Philippians 4:11-12 “I am not saying this because I am in need, for I have learned to be content whatever the circumstances. I know what it is to be in need, and I know what it is to have plenty. I have learned the secret of being content in any and every situation, whether well fed or hungry, whether living in plenty or want.”
Few of us have experienced the highs and lows of life to the degree Paul did. He lived in the luxury of Lydia’s home while in Philippi, because she was a wealthy seller of purple, but he experienced the poverty of a prison cell in that same town. He was deeply loved by those who believed the good news, but deeply hated by both Jews and Gentiles who felt threatened by his “new” religion. As an unbeliever, he approved the stoning of Stephen. Later, he experienced stoning himself, for the same cause. But this time his bruised and bloodied body survived the ordeal. God used him as an instrument to bring healing to others, but he himself had to live with his “thorn in the flesh.”
Through it all, Paul could be content. Through all the changes, one thing in Paul’s life remained the same. Every day this former murderer and hater of the world’s Savior got up to live under Jesus’ gracious love. Every day his sins were fully forgiven. Jesus gave his life for him, too. No matter what else they took away from Paul, he still owned heaven and eternal life. Even when he died, he had everything to look forward to. His God never changed.
Such contentment is our challenge at Thanksgiving. Sometimes our lives more or less mirror the troubles Paul faced. To us they may even seem worse. Our rebellious flesh feels like blaming God instead of loving and trusting him. But often our sins of discontent are more subtle than that.
When life is going reasonably well, we may experience a quieter discontent. It comes from comparing what we have with others. Though I have more than I need, my carpet isn’t quite as new and stylish as theirs. My house isn’t quite as roomy. My job doesn’t pay as much or doesn’t offer as many opportunities. My phone has less features, my vehicle is less reliable, my appliances look dated.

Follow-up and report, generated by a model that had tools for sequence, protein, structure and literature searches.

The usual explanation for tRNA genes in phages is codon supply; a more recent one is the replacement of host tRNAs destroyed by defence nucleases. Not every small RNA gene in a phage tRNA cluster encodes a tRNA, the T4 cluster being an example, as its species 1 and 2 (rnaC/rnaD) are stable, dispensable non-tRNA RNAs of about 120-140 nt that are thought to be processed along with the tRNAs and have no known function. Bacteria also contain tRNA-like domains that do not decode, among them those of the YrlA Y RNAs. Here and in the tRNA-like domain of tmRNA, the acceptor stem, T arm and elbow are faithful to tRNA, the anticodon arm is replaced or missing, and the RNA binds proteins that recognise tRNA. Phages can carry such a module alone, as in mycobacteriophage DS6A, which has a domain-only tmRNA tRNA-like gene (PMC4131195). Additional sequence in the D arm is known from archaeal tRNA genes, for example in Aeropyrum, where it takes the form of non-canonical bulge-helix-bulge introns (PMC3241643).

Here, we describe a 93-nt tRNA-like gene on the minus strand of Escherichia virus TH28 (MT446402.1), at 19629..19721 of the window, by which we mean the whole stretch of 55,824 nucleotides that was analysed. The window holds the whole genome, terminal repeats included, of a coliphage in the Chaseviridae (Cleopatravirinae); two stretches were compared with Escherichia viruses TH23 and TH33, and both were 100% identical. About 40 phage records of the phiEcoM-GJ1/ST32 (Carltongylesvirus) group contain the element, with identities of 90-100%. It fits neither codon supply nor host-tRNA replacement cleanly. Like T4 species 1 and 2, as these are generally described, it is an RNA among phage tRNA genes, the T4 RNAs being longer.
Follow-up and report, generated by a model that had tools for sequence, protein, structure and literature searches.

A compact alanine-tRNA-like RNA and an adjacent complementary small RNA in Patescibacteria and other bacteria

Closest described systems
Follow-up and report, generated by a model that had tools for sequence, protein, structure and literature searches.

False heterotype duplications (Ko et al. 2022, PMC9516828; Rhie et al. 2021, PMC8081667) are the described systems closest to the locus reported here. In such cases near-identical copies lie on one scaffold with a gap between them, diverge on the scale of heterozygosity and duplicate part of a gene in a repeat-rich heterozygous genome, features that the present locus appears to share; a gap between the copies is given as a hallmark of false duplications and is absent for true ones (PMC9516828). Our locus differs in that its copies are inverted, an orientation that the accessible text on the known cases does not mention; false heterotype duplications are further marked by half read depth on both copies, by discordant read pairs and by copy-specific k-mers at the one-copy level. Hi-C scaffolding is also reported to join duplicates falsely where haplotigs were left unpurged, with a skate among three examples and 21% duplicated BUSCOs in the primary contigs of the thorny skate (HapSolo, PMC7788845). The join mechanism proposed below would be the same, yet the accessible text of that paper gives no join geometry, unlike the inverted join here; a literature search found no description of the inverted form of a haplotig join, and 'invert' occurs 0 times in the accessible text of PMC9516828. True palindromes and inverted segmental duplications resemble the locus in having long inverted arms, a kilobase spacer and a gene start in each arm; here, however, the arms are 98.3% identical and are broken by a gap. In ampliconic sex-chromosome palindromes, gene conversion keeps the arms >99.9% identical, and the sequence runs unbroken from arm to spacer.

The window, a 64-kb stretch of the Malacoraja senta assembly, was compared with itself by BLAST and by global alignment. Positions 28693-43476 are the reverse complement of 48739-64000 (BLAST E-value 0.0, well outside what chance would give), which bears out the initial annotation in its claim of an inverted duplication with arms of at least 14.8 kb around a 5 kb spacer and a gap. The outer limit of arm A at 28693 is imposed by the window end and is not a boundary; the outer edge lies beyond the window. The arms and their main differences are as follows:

When we get the brand-new vehicle, the latest phone, the 4K television that takes up an entire wall, the satisfaction lasts only a little while. Soon the spell wears off. This last thing, too, was a false hope for any kind of genuine fulfillment. Lasting contentment is never found in things.
That’s not to say we should be ungrateful for the many luxuries God has given us. This week we celebrate Thanksgiving after all. But we, too, need to be reminded that the secret to being content can only be found where the apostle Paul found it. Only Jesus truly fills the emptiness. As Paul said in the previous chapter, “I consider everything a loss compared to the surpassing greatness of knowing Christ Jesus my Lord, for whose sake I have lost all things. I consider them rubbish, that I may gain Christ and be found in him, not having a righteousness of my own that comes from the law, but that which is through faith in Christ.”
The love we know in Christ’s forgiveness, the perfect righteousness he gives to us as a gift–these bring us heaven. These make us somebody. These satisfy our heart’s hunger and give us peace.
And when we have Jesus, then we can also be confident that “he who did not spare his own Son, but gave him up for us all, how will he not also, along with him, graciously give us all things?” Thankful Christians have every reason to be content this Thanksgiving. In Jesus Christ they know that God gives them all they need in every situation.